In one of the more extreme examples of how pets and small children can get into some sticky situations together, a toddler in Kansas accidentally flushed a month-old kitten down a toilet earlier this month.
According to the Ford County Fire & EMS in Dodge City, they recently recieved a call to rescue a tiny kitten who was meowing from inside the family's bathroom floor. According to their Facebook post about the incident, "Our hope was to remove the toilet and pull out the cat. No such luck. The kitten had traveled beyond our reach and made a turn in the pipe."
Drastic measures had to be taken to save the life of the kitty, who traveled past the bend of the toilet pipe and beneath the floor. "After a considerable amount of moving dirt [from beneath the bathroom floor], we were able to locate the transverse section of pipe," they explained, and after nearly three hours of efforts (with additional help from local plumbers), the rescuers were able to save the cat.
As reported by local news station WIBW, the tiny orange tabby—who is recovering at home with his family—has since been renamed Miracle. It was a miracle indeed, considering how badly things could have ended.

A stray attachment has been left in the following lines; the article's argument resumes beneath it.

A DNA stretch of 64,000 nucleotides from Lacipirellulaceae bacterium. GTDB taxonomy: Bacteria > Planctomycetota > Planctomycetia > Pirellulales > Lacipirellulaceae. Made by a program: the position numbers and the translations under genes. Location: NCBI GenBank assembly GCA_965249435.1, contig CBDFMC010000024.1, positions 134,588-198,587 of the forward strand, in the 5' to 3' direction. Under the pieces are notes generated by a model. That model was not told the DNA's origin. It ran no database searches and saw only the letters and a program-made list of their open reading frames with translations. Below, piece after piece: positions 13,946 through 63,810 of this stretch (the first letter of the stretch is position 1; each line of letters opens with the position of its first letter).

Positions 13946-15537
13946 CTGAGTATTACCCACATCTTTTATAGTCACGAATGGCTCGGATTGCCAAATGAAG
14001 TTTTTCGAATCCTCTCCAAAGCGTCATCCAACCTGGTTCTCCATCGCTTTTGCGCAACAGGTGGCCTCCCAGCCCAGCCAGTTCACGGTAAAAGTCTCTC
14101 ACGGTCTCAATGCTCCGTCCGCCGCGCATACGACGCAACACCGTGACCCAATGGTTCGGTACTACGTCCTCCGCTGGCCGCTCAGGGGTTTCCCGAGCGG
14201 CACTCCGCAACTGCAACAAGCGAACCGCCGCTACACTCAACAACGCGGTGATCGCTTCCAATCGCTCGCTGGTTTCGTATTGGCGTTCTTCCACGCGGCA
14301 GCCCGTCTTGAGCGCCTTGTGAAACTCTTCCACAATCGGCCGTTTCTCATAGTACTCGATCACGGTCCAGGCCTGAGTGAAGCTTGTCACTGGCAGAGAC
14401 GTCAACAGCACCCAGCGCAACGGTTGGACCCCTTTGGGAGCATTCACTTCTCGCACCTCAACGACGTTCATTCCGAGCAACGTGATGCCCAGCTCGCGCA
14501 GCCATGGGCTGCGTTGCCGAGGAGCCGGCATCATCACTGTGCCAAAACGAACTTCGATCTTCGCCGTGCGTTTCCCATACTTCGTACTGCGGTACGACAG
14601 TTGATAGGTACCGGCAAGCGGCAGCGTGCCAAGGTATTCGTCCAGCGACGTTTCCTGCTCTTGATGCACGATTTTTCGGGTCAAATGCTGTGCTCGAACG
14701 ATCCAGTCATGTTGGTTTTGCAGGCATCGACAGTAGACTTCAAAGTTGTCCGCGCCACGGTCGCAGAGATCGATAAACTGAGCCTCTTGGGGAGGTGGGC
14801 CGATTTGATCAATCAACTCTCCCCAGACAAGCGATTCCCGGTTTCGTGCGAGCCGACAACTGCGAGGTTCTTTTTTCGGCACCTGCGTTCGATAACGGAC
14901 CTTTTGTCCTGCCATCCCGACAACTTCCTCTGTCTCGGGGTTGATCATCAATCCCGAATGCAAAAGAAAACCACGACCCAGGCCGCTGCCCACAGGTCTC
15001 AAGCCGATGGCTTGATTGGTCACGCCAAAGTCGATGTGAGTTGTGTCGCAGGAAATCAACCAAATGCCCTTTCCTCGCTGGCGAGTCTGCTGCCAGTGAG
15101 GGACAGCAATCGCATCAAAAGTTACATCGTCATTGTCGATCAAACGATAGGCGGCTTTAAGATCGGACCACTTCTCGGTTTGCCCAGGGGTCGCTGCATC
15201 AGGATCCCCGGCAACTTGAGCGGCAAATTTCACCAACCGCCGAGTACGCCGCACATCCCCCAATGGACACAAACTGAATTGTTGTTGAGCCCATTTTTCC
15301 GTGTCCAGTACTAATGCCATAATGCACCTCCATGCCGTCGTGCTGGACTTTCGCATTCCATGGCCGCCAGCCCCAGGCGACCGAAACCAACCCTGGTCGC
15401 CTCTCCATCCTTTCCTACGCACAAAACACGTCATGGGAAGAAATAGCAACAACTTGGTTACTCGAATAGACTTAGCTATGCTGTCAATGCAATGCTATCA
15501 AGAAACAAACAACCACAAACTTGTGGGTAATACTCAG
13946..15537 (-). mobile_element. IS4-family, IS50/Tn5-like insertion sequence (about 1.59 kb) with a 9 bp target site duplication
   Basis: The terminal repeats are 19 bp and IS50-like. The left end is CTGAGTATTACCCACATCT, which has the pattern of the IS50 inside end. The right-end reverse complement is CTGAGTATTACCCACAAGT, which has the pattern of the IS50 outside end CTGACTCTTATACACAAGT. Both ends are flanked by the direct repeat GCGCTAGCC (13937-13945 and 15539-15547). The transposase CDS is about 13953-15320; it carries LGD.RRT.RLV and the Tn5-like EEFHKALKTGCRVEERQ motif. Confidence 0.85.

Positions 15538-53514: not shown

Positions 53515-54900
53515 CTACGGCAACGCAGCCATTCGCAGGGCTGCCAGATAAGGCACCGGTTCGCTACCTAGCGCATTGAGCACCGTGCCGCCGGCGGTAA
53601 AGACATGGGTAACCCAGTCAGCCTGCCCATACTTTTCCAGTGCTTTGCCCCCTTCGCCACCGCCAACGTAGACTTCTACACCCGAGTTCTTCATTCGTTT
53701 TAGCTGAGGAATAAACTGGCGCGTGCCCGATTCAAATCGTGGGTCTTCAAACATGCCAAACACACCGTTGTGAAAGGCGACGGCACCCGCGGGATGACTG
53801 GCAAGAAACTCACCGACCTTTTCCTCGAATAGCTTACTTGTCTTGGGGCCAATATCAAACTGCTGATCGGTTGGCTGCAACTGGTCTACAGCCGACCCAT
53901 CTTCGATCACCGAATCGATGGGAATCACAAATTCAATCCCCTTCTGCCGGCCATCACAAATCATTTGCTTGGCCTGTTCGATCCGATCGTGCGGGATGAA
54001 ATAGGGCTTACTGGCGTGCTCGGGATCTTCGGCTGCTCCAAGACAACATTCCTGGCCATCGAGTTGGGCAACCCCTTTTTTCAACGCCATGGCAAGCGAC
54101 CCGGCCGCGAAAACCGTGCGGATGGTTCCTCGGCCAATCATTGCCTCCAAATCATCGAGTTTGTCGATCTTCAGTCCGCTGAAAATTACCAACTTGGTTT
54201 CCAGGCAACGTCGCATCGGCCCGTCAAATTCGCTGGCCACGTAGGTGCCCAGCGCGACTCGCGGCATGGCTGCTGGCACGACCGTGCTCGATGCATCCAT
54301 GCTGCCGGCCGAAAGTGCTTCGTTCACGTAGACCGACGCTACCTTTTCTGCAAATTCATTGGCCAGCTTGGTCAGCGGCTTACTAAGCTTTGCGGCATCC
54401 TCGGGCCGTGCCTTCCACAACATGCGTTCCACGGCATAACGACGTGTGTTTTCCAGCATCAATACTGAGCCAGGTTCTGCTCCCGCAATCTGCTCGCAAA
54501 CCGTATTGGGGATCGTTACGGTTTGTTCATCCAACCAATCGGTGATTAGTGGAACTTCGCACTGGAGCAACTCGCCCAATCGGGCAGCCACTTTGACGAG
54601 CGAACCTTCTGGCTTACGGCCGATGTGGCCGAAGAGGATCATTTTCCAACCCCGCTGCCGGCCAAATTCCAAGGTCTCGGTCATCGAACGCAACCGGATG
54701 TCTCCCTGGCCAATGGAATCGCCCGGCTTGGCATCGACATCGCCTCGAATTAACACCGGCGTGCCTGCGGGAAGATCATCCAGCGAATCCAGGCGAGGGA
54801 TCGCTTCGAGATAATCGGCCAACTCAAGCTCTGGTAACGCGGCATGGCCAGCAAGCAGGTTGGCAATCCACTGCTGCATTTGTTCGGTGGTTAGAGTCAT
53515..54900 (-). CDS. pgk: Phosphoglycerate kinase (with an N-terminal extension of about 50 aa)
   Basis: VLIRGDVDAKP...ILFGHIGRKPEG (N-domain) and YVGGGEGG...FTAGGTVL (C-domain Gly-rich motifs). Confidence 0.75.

Cory Smith, the Humane Society's Director of Companion Animal Public Policy, tells petMD that while it was likely nothing more than a bad accident by a curious child, "It is essential for pet parents to teach their children how to properly treat animals, [which] typically comes through modeling behavior and messages about kindness built into every day life."
Most children, Smith says, are loving towards animals, but for any pet parent who wants to ensure they don't have any incidents that could harm their pet (or their child), he recommends the following: "Start at a young age, use the golden rule, create boundaries, and prepare to repeat, repeat, repeat."
If the kitten hadn't been rescued in time it "could have drowned, suffocated, starved, or died from excessive cold or heat. A kitten that size/age does not survive on its own," he added.
The toilet isn't the only hazard in the bathroom pet parents should be aware of. "Most parents are on high alert any time there is a full tub of water, the possibility of slipping on water on the floor or elsewhere, electrical appliances like hair dryers, bottles that can spill or contain chemicals," Smith notes. "Especially with young children, it’s important to supervise interactions with pets, no matter where they occur in the home."
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